There seems to be a disconnect in today’s world as to what people want to pay for certain things and what they actually cost. As a physician running my own practice, I see this problem all the time. I pay all the bills, and have staff that has to try to collect the money from our patients and insurance companies. I think most people don’t really know where the money they pay at the doctor’s office really goes.
Patients often pay only a small amount or “co-pay” at the time they come to the office. This is usually less than $20.00. It is amazing to me how many times people will “forget” to bring their money. It costs a significant amount of money to send a bill or collect money after someone leaves the office. Many people do not pay at all. Some offices add a “rebill” fee onto the bill if they have to send one to help defray the cost of billing. If we have to send an account to collections, we lose at least one third of the money collected.
Medical supplies have become more and more expensive over the years. Most of the time, we do not charge extra for the supplies that are used during your visits. But the supplies for that suturing that was done in the office have increased far faster than the charge for it. In the hospital, they are allowed to charge for each item they use. We are not allowed to do the same thing in the office. The reason you see less and less doctors doing vaccines in their offices is because they are actually losing money on the vaccines if they submit them to your insurance company. Fortunately there are federal and state programs to cover vaccines, but you often have to go to your local health department and sit and wait to get your shots.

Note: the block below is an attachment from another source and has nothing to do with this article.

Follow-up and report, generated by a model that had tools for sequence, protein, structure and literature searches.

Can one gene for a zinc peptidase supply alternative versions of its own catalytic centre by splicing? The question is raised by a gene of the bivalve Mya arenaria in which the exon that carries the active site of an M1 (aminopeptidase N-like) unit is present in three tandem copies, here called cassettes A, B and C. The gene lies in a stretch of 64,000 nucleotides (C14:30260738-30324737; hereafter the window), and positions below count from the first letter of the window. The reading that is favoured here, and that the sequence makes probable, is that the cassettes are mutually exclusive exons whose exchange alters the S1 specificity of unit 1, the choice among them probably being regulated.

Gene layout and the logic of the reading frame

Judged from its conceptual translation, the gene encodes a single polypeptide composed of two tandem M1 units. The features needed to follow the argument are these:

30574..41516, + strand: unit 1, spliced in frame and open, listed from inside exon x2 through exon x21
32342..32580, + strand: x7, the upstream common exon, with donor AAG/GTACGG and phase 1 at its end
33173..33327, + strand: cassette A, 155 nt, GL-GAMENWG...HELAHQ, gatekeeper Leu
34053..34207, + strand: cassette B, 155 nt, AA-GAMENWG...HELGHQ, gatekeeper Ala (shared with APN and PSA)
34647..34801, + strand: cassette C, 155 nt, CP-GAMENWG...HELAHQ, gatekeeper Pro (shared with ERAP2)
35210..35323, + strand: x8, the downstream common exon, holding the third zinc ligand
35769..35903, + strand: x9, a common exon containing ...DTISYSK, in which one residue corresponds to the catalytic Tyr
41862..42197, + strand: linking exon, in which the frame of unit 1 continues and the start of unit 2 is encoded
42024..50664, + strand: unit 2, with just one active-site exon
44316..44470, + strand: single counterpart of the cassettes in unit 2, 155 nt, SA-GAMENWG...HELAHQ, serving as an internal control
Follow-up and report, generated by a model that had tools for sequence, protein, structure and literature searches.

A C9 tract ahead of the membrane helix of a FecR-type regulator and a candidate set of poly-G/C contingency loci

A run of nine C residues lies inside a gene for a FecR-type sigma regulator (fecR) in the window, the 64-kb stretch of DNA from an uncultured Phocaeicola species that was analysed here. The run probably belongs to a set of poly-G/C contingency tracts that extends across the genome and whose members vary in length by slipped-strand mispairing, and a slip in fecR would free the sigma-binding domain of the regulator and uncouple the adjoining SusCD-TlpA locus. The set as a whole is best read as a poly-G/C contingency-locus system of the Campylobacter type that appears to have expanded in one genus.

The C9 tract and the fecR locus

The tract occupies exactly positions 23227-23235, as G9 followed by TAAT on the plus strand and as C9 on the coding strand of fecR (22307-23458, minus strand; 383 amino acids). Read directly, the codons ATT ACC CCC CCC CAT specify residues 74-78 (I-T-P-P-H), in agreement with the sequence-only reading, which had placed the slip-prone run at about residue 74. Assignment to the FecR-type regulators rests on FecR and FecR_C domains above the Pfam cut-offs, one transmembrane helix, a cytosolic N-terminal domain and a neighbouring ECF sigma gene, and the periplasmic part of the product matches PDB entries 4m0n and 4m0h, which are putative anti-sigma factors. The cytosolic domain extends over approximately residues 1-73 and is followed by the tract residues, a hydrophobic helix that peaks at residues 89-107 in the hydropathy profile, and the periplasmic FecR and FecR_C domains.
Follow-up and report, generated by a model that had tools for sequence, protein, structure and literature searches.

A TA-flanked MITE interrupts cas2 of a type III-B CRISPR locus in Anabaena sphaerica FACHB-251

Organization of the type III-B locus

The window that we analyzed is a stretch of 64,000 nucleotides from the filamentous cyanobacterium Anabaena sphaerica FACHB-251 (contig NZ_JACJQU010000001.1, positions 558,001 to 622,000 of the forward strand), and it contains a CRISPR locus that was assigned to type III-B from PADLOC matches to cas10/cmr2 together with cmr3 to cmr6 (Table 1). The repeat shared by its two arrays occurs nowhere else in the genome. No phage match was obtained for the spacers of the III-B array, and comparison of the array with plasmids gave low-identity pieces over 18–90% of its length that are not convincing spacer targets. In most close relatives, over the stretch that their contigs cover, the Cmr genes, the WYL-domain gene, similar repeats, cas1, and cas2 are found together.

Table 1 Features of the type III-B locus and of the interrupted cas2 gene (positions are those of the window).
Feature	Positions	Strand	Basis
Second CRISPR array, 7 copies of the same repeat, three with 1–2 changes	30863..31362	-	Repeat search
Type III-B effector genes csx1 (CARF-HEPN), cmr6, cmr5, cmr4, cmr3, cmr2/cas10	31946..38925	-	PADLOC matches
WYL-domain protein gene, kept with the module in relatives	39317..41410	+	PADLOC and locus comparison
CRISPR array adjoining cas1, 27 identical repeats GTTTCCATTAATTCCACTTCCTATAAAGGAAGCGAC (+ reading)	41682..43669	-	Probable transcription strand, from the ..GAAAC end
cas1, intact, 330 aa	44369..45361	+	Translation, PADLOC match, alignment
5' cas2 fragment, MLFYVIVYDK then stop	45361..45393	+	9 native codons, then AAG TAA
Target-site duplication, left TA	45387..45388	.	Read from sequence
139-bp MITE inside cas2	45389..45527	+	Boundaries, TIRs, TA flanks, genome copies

People seem to think that they can call and get answers or advice for free. Can you call your lawyer and get any advice without getting billed by the minute for your phone call? Your doctor has at least as much education and experience, and is paying the same number of staff members etc., but we have been told that anything we do over the phone is “not reimbursable”. So you will be told to come to the office or go to the emergency room. Besides, we can get sued by that same lawyer for any advice we give over the phone!
People don’t understand why we charge a “no show fee”. In my practice, we do not “double book”. Out of respect for our patient’s time, and because I spend a good bit of time with each patient, I book a single patient for each time “slot”. When one patient does not come in, I do not have another patent to “fill” that time. So there is no money coming in to pay for staff, rent, etc for that period of time. If you didn’t have the courtesy to call us so we could at least try to find someone else to fill your time, that time is wasted from our standpoint. Some practices make people wait and book extra to fill their time slots, others take walk in patients only. So, if you want a doctor that sets aside time just for you, you will pay for it if you don’t come.
To look at some other fees you may expect to pay for as the time for certain interactions with the insurance companies, pharmacies, etc becomes longer, check out this article: http://www.associatedcontent.com/article/5637318/new_doctors_offices_fees.html?cat=5
If I bill your insurance, I have to submit the bill over the internet. I pay a monthly fee for the internet. I pay a monthly fee to the “clearinghouse” that checks the bills and then sends them to the insurance companies. I also pay a fee for each individual claim. If I don’t submit over the internet, I have to buy special forms (printed in red) to type the information on and submit in special envelopes, plus pay postage for each claim. Either way, it’s costly to submit insurance claims. The doctor’s offices have been absorbing this cost for years.